Ivan Baker Take: The Real Meaning of Anonymity

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anonymityAnonymity.

It is a word that is thrown around a lot. But do you really know what it means? You probably received your understanding of anonymity from the Anonymous groups. The groups like Alcoholics Anonymous or Narcotics Anonymous. You probably think the tradition in AA that speaks on anonymity means something that it actually doesn’t. Because of this misunderstanding you have hidden in the dark about being an addict and more importantly you have hidden the fact that you have recovered. I didn’t say that you are cured, but that you have recovered.

Let’s clear up this misunderstanding.

The tradition in AA and the “Anonymous” part of AA’s name didn’t come from the belief that you shouldn’t mention that you are a recovered addict. It didn’t come from shame. And it didn’t come from guilt or the need to hide. We turned it into that. What that tradition was about, was just making sure no one became a representation of the AA or NA program. So shout it from the rooftops that you are an addict or alcoholic in recovery. Just don’t mention AA or NA. And its not that you can’t say your whole name associated with AA or NA at all, you can, just don’t do it on the level of press radio and films.

Currently, according to the General Services Organization, which took over from the Alcoholic Foundation,  “A.A. members may disclose their identity and speak as recovered alcoholics, giving radio, TV and Internet interviews, without violating the Traditions—so long as their A.A. membership is not revealed.”

The tradition was meant to protect the group from any single person becoming a representation of it on a level that includes press, radio and films as stated above. What we have turned it into is a shame thing. 

So be a representation of yourself right now as a recovered alcoholic, just don’t become a representation of AA or NA or whatever your fellowship of choice is if it is even a fellowship. And if you are going to represent AA or NA, and not just yourself as a recovered alcoholic or addict, make sure its on a lower level than press, radio and films. Am I making sense here?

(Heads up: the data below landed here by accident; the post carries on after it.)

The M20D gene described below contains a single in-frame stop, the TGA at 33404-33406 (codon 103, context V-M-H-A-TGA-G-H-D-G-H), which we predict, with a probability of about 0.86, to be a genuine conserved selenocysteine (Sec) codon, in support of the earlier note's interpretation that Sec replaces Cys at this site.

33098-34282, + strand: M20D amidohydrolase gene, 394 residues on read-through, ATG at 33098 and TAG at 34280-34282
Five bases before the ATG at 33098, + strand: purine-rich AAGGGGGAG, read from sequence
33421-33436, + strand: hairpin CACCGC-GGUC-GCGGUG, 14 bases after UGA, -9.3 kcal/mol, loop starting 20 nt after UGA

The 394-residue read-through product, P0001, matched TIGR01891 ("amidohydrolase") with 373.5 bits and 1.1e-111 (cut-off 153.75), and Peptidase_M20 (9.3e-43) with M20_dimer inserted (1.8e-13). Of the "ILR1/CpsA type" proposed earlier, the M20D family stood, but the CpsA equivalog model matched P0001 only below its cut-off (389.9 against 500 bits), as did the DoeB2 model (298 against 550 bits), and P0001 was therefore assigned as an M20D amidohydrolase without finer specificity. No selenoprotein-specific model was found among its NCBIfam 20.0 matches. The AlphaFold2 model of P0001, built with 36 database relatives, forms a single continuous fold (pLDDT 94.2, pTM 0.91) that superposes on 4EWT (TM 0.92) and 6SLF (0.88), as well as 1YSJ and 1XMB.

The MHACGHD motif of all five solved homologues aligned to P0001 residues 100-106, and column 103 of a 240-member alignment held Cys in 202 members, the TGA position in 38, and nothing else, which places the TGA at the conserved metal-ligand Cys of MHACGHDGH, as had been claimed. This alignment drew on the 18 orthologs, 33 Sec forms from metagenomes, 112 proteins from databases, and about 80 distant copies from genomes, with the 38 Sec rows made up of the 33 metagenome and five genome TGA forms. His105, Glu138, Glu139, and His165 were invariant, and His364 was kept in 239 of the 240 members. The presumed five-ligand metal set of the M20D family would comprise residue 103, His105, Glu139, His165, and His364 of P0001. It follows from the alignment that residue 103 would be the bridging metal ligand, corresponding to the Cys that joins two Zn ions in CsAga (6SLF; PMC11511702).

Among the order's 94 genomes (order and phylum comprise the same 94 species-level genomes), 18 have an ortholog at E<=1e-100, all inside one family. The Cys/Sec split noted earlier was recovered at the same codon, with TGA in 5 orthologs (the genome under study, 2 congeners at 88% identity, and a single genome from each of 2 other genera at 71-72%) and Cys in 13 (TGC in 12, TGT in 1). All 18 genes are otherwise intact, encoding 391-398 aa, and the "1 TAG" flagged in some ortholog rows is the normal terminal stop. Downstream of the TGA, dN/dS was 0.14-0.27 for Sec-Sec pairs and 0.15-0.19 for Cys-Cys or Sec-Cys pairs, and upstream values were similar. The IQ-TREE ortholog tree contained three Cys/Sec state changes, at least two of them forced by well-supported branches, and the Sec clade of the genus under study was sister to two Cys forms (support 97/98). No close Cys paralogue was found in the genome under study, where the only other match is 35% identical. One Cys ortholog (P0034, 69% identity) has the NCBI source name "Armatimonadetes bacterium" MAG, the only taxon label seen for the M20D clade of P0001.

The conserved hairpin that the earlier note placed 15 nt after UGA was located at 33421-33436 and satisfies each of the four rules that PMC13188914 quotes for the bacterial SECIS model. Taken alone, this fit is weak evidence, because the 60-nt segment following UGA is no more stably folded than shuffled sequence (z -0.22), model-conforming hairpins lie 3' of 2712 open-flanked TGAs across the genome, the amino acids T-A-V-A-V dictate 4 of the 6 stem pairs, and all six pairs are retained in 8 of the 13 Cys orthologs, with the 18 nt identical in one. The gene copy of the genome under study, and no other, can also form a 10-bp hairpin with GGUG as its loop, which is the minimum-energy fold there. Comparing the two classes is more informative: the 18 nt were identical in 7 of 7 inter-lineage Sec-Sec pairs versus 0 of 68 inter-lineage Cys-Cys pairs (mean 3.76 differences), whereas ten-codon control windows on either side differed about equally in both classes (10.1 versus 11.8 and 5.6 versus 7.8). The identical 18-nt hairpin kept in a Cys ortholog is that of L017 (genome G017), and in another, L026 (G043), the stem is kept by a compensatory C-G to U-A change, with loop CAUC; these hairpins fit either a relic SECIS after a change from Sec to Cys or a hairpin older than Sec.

So let us say this. Stop hiding the fact that you are a recovered addict. Hiding because of the anonymity tradition is bullshit. You are hiding the fact that you are a recovered alcoholic on your own accord and it is time to stop. Not only is it time to come out of the dark about being recovered alcoholics and addicts, it is time to stop blaming AA or NA for our own shame and guilt that we may be carrying about addiction. It all stems from us. Not the fellowship. If you want change in the perception of addiction and alcoholism it all starts with you right now. No more excuses.  

But Why Should I Tell People?

There are too many people in active addiction that live their lives not knowing there is a solution because we believe anonymous means to hide. Stop hiding. And stop using the traditions or the Anonymous as an excuse to be ashamed or feel guilty.

It is time people see that while there are millions of us who have been affected by the disease of addiction, there are also millions of us who have recovered from it. There are many of us who are going about our daily lives and who are very successful and intelligent who are recovered addicts or people in recovery. And its time that we stop shying away from that fact, and also that everyone else begins to embrace it.

Not every alcoholic is still under the bridge, not every heroin addict has a needle in their arm anymore. There are so many of us who have recovered. So many in fact, that almost everyone knows at least one person who is in recovery. And while you can’t say exactly how you recovered on a mass level, when that person who needs help calls you up, one on one, because you said you have recovered from addiction, don’t hesitate to tell them however it was that you managed to do it at that point. 

The Anonymous People

The Anonymous People video is what sparked us to say something about anonymity. And we believe that The Anonymous People are on a fantastic mission. A mission to finally take addicts and alcoholics out the dark. Finally, with something like this and hopefully with more understanding of what anonymity actually means for the group we can help others to recover. Just like there is awareness for breast cancer or HIV and AIDS, there needs to be open awareness of the disease of addiction and alcoholism. And not just about addiction or alcoholism, but about RECOVERY; about how people have gotten better. 

So what is your story? It is time to leave the shame and guilt in the past. It is time to embrace what it actually means to be anonymous and use your own success to help others. And when the others come knocking and want to know how you did it? Well, one by one you can tell them how. It is time that we say.

We are recovering people. I am a recovered addict. Want to know how I did it? Just ask me how.